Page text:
CLOSE
Original image
getty images collage / rebecca o'connell

University of Cambridge is Getting a Professor of LEGO

Original image
getty images collage / rebecca o'connell

College professors routinely think about the building blocks of life, but the University of Cambridge is taking it to a whole new level.

The university has announced that it will hire a professor of LEGO to work as part of the Faculty of Education. The role is expected to begin in October 2015 and includes directing the new Research Centre on Play in Education, Development and Learning.

Interested candidates don't necessarily need degrees in plastic brick architecture, although it can't hurt—the university is looking for someone "whose work falls within the general field of the title of the office."

The professorship was established after the university received a £4 million donation from the LEGO Foundation. The foundation, which owns a quarter of the LEGO Group, focuses on "challenging the status quo by re-defining play and re-imagining learning."

According to Cambridge University Reporter£1.5 million of that donation will fund the Research Centre, while the remaining £2.5 million will go toward funding the Professorship. The goal will be to study the role of play in education.

No word yet on if this awesome kid has turned in his application.

Original image
MasterClass
arrow
entertainment
Attention Aspiring Filmmakers: Martin Scorsese Is Teaching an Online Class
Original image
MasterClass

Since launching his career 50 years ago, Martin Scorsese has inspired countless fans to get into the moviemaking business. Now aspiring directors looking for a place to start can receive guidance from the legendary director himself. Beginning early next year, Martin Scorsese will lead his own filmmaking course through the online education platform MasterClass.

MasterClass is best known for offering classes taught by instructors who have already risen to the top of their respective fields. An architecture course from Frank Gehry, a music composition course from Hans Zimmer, and a tennis course from Serena Williams are just a few of the listings in the catalog. The company has also recruited several famous filmmakers in the past, including Aaron Sorkin and Werner Herzog, but Scorsese—the iconic director behind such classics as Taxi Driver (1976), Raging Bull (1980), and Goodfellas (1990) is in a league of his own.

Scorsese’s MasterClass includes more than 20 video lessons that pupils will be able to watch at their desired pace. They will also have the chance to upload their own videos and receive feedback from classmates, with Scorsese answering select questions.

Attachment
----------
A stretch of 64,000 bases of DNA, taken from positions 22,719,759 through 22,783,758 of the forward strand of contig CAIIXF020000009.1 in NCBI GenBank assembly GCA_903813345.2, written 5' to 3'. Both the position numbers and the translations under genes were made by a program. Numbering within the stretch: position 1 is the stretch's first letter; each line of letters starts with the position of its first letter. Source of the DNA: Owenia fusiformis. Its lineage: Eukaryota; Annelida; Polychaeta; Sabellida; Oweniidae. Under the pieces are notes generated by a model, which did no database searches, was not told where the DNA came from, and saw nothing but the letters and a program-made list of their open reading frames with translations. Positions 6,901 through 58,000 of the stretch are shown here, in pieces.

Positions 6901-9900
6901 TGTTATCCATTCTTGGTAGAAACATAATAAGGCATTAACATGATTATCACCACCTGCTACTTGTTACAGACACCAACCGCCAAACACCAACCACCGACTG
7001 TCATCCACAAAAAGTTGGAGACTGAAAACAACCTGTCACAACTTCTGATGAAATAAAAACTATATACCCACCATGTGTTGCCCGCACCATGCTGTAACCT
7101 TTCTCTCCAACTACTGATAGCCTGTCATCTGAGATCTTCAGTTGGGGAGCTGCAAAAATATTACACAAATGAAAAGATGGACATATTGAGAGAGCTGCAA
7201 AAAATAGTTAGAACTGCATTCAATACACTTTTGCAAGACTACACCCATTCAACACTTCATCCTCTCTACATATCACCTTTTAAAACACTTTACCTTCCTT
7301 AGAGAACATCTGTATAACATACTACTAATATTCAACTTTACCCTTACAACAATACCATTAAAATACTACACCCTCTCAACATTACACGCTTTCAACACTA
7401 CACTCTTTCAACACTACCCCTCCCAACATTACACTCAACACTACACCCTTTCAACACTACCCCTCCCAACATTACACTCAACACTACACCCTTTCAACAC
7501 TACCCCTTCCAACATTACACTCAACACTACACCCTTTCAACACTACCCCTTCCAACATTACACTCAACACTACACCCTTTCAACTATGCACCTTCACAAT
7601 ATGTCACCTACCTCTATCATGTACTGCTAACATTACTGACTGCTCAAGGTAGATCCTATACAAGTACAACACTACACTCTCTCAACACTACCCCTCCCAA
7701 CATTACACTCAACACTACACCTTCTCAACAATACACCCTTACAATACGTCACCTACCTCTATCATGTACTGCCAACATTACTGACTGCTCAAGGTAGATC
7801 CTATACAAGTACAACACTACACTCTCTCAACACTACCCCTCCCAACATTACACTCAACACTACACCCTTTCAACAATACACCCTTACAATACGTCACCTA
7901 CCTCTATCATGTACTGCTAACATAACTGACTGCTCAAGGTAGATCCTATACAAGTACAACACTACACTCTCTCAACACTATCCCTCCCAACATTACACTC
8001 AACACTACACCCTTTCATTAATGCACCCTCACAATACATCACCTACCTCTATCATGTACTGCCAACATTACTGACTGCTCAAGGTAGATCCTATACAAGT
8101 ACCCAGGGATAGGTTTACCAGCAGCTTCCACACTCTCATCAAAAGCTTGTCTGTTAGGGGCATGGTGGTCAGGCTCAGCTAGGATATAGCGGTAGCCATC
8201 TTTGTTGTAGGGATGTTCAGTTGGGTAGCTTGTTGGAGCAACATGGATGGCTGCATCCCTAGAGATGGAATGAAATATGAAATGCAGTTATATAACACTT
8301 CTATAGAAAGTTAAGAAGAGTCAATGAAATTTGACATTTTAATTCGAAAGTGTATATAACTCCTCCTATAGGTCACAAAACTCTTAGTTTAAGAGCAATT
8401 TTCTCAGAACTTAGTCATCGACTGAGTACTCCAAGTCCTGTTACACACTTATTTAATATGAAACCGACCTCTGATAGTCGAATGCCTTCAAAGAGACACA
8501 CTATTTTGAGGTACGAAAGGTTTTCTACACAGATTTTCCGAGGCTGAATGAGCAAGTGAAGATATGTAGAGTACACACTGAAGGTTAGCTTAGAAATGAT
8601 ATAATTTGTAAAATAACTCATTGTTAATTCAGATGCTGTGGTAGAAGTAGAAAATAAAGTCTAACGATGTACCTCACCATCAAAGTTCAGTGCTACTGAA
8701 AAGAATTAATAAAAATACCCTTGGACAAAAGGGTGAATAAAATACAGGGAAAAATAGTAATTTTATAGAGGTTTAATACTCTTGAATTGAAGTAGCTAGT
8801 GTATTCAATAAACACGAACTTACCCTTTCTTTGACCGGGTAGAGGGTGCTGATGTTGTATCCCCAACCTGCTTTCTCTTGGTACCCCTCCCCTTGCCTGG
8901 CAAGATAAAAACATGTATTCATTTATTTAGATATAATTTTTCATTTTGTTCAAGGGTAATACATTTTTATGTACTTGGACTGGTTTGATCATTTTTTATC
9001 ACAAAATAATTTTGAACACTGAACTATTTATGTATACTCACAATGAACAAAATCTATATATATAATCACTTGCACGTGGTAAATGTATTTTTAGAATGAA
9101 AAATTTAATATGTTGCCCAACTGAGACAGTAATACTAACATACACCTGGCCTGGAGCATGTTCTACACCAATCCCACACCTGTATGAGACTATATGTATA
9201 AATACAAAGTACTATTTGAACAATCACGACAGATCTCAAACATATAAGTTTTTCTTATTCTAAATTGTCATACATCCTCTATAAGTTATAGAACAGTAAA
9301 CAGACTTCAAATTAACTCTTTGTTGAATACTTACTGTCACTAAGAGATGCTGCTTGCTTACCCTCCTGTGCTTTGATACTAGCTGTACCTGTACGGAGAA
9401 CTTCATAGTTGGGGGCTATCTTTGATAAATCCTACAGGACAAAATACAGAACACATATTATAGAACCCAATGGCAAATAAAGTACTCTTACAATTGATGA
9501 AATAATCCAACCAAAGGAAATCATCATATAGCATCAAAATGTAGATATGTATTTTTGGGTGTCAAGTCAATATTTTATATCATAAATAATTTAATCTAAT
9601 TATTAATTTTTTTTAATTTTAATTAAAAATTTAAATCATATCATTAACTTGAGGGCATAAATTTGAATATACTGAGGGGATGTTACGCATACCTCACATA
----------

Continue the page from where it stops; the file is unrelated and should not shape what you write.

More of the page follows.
"I was excited by this project because it gave me a chance to pass down my own inspirations and experiences and practices and evolutions,” the Oscar-winning director said in a release. “It was so important for me to have people that passed down their own knowledge when I was young, and MasterClass has given me an opportunity to try it myself.”

Prospective students can pre-enroll for $90 today to receive unlimited access to the course when it goes live in 2018.

Original image
iStock
arrow
Live Smarter
Graduates in These States Fare Best When It Comes to Student Debt
Original image
iStock

Student loan debt in the U.S. grows larger each year. According to CNBC, the average American in their 20s with student loans to pay off owes about $22,135. But college graduates from some states have it easier than those from others. As Money reports, choosing the right state in which to get your education may end up saving you $16,000 in loan payments.

That number comes from the latest student debt study [PDF] from the Institute for College Access and Success. The organization looked at four-year public and private nonprofit colleges to determine the states where debt levels skew low and where they creep into $30,000-plus territory. Graduates who study in Utah have it the best: 57 percent of students there graduate without debt, and those who have debt carry burdens of $19,975 on average. Behind Utah are New Mexico, California, Arizona, and Nevada, all with average debt loads of less than $25,000 a student.

On the opposite end of the spectrum is New Hampshire, where new graduates are sent into the workforce with $36,367 in debt looming over their heads. Pennsylvania, Connecticut, Delaware, and Minnesota all produce average student debts between $31,000 and $36,000. And though graduates from West Virginia don't owe the most money, they are the most likely to owe any money at all, with 77 percent of students from the state racking up some amount of debt. The variation from state to state can be explained by the types of colleges that are popular in each region. The Northeast, for example, is home to some of the country's priciest private colleges, while students in the West are more likely to attend a public state school with lower tuition.

If you've already received a degree from an expensive school in a high-debt state, you can't go back in time and change your decision. But you can get smart about tackling the debt you've already accumulated. Check out these debt-busting strategies to see if one is right for your situation.

[h/t Money]

SECTIONS

arrow
LIVE SMARTER
More from mental floss studios